Editor’s note: For Hawaii’s Aug. 9 primary, Civil Beat asked candidates to answer some questions.

The following came from Robert Harris, candidate for state representative for District 48. Other candidates include Democrat Jarrett Keohokalole, Republican Eldean Kukahiko and Libertarian Kaimanu Takayama.

District 48 covers Kaneohe, Heeia, Ahuimanu, Kahaluu, Haiku Valley and Mokuoloe.

Go to Civil Beat’s Elections Guide for general information, and check out other candidates on the Primary Election Ballot.

Name: Robert Harris

Office: State House of Representatives, District 48

Party: Democrat

Profession: Attorney, non-profit director

Education: Kalaheo High School Graduate; University of Hawaii at Manoa, Bachelor of Arts, Chemistry/Environmental Science; University of Hawaii, William S. Richardson School of Law.

Age: 35

Community organizations: Previously served: Hawaii State Climate Change Task Force; Hawaii Access to Justice Commission; Hawaii State Bar Association, Board of Directors; Hawaii State Bar Association, Natural Resources section chair, vice-chair, treasurer, and program director; Current: Democratic Party Precinct vice-chair; Democratic Party, Environmental Caucus member; Sierra Club, outings leader; Windward Orchid Society member; Ko’olaupoko Hawaiian Civic Club

Robert Harris, candidate for House District 48 in 2014

Robert Harris

1. Why are you running for the Hawaii Legislature? 

As the director of the Sierra Club, Hawaii Chapter, for six years, I’ve had the opportunity to work on important policy issues that affect our state’s economy, our communities, and the neighborhoods where we live in. I’ve seen first-hand the difference a single person can make in the legislature when they speak for the public’s interest in closed door meetings. I’m eager to be that person: someone who has an independent voice, and will not succumb to special interests for personal gain.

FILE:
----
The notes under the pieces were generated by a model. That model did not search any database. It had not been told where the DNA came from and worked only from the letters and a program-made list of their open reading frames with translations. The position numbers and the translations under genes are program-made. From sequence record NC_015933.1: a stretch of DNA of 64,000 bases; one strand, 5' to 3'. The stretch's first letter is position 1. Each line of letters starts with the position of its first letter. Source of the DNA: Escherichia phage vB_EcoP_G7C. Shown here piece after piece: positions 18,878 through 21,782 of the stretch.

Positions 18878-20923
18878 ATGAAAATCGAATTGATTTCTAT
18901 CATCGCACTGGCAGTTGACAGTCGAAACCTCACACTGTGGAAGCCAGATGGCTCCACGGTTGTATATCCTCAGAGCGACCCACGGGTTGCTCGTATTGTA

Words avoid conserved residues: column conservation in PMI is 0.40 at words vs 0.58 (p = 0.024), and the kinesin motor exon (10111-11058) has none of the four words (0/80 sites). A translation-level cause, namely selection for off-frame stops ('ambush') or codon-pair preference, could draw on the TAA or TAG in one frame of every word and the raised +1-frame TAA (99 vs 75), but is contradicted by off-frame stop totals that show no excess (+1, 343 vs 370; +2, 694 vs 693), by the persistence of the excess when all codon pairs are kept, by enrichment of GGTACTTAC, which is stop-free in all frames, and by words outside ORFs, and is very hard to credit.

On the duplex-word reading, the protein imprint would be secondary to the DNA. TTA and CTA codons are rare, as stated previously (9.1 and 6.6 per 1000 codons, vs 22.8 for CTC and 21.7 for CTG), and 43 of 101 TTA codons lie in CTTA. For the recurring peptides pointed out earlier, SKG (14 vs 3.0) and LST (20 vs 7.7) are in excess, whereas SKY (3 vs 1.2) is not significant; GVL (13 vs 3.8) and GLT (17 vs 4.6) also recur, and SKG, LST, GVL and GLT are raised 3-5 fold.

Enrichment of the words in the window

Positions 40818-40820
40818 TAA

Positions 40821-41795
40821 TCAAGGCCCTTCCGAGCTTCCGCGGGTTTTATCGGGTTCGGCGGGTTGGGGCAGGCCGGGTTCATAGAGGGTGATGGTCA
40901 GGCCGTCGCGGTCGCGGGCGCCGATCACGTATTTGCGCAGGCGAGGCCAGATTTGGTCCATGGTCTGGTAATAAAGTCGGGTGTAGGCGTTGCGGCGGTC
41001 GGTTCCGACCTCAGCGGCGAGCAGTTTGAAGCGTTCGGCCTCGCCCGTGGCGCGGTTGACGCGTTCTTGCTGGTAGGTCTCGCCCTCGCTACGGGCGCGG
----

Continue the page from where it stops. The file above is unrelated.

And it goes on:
On a personal level, I grew up in Windward Oahu and graduated from Kalaheo High School. My wife and I recently achieved the exciting milestone of owning our first home, just miles from where I used to play as a kid. My daughter, Aurora, is 4 months old, and we want to make sure that she has the opportunity to grow up in Hawaii, like we did. That means reducing the cost of living, and having an economy that is strong enough to allow her to stay in Hawaii, and raise her own family here. It also means preserving the special characteristic of the windward side and helping keep the country, country.

After many years of tackling some of Hawaii’s long-term challenges, I’m ready to use my skill set to push Hawaii towards a more sustainable future.

2. Are you satisfied with the current plans to pay for the state’s unfunded liabilities? If not, how would you propose to meet pension and health obligations for public workers?